Evolutionary Biology: Investigating the evolution of reaction norms across tropical butterflies

Developmental plasticity, which is considered to have profound macro-evolutionary effects, is omnipresent among plants and animals. This study by van Bergen et al. investigates, using a comparative framework, the evolution of reaction norms for a variety of life history and morphological traits across five related species of mycalesine butterflies from the Old World tropics. It demonstrates that the integrated phenotypic plasticity of a broad suite of traits is shared among species from three geographically independent lineages of mycalesine butterflies, but concurrently, there are examples of evolutionary change where independent traits show different, ‘uncoupled’ patterns of reaction norm evolution.

Infectious Diseases: Reviewing the UK management of HIV in pregnancy

The potential for HIV transmission between a pregnant woman and her unborn child was first recognised in 1982. The prevention, however, of mother to child transmission (MTCT) is still very complex: interventions aim to reduce risk throughout pregnancy, labour, delivery and the neonatal period. Since 2001, the British HIV Association (BHIVA) has produced guidelines to support clinicians in the delivery of care aimed at reducing MTCT. This audit reviews the UK management of HIV in pregnancy, in comparison with the 2012 BHIVA guidelines. Having investigated more than 1400 pregnancies, the study demonstrates a need for services to review their ability to access urgent HIV testing, to strengthen referral pathways between general and specialist antenatal care services and to identify where delays in starting women on antiretroviral therapy are occurring. Finally, local policy should be kept up to date with national guidance to ensure women are able to access the best possible care available.

Ecology: Do predator cues affect trait variability in marine dinoflagellates?

Phenotypic plasticity is commonplace and enables organisms to respond to environmental variations. However, the ability of various genotypes to produce a common, environmentally cued phenotype may differ due to genetic variation between individuals .This study, in BMC Ecology, analysed the plastic response of two genotypes of the marine dinoflagellate Alexandrium fundyense, in response to grazers or grazer cues, in order to characterise their effect on trait variability. The study demonstrated that selection on different genotypes can occur in the presence of plasticity due to different costs and trade-offs that arise for the respective genotype. The occurrence of multiple environmental cues to respond to in nature might, in fact, equalise the effects of strain-specific trade-offs within populations.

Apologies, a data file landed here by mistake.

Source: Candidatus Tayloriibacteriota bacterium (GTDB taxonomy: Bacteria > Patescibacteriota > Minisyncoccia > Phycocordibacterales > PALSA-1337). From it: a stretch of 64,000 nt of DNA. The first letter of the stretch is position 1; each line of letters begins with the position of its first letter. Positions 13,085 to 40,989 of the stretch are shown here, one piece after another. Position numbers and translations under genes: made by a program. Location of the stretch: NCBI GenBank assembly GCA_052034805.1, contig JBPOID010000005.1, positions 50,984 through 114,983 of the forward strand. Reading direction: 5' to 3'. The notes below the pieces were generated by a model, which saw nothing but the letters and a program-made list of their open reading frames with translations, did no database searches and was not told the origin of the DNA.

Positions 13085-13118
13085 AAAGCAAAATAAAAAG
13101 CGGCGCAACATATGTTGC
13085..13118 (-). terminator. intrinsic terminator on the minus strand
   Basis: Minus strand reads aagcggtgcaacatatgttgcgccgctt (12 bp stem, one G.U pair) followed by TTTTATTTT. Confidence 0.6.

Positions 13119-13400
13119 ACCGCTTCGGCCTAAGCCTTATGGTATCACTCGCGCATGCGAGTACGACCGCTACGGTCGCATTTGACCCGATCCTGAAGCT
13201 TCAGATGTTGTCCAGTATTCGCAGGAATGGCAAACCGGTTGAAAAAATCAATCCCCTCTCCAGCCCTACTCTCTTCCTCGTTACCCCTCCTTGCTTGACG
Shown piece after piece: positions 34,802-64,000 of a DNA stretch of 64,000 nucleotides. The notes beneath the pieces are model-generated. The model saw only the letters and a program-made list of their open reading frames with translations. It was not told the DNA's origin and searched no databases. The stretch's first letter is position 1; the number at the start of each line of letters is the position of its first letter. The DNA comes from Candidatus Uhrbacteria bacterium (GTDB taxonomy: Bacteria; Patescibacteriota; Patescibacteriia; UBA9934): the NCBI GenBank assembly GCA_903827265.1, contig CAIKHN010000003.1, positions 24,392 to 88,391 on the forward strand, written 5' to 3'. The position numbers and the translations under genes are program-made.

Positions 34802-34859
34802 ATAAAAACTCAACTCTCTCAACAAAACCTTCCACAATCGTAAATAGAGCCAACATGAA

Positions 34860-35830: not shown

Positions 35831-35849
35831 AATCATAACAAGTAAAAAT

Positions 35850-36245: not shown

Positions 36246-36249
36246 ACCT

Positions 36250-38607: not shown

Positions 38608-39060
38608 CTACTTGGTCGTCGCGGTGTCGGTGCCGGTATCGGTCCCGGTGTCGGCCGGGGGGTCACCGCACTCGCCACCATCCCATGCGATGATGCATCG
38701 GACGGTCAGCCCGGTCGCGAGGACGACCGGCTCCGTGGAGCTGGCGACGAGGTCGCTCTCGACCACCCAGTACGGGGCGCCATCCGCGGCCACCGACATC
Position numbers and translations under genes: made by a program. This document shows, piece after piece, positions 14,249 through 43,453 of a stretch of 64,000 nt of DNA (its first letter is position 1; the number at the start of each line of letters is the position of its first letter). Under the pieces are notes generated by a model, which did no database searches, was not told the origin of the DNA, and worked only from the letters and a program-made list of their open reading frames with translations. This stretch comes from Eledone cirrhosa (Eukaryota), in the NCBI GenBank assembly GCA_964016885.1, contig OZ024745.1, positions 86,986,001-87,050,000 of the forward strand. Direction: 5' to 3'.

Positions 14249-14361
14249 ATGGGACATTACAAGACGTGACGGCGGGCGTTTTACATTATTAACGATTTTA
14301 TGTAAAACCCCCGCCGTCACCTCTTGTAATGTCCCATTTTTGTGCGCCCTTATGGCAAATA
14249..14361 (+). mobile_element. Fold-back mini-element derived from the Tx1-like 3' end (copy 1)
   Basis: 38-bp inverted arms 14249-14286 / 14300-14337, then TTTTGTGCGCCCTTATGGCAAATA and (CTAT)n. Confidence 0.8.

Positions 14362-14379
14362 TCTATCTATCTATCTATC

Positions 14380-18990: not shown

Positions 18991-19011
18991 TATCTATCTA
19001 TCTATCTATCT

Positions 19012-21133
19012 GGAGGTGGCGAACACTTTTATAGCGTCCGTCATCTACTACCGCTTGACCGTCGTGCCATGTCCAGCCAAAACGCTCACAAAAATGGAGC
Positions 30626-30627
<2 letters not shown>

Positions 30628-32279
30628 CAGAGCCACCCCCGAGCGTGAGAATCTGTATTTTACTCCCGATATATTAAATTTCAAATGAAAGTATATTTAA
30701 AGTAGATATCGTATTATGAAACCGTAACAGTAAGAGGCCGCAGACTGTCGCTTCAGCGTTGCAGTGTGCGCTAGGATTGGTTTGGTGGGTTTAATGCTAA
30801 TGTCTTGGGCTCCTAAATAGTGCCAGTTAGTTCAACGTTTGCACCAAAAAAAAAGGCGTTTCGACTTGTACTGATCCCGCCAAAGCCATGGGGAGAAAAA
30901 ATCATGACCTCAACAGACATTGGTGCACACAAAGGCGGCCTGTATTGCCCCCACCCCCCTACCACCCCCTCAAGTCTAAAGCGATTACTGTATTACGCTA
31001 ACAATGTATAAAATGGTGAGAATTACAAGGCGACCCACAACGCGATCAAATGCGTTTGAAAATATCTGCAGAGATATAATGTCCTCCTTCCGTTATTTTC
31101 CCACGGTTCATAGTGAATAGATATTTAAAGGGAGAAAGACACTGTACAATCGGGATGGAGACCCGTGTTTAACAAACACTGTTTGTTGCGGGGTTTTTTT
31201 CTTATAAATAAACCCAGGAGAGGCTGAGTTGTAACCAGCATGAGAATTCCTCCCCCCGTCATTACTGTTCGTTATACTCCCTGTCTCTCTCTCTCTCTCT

BMC Research Notes: Goes back to its roots!

BMC Research Notes has reaffirmed its focus on publishing research outputs which are useful but often overlooked by traditional research journals such as updates to previous work, additions to established methods, single observations, short null results research proposals and data management plans. To increase clarity and simplicity, we have reduced the number of article types and created ‘Research note’, the journal’s main article format with a word limit of 2,000 making it a true note article structured as introduction, main text and limitations. Finally, we have expanded the scope to also welcome submissions on physical and computer sciences, engineering and mathematics.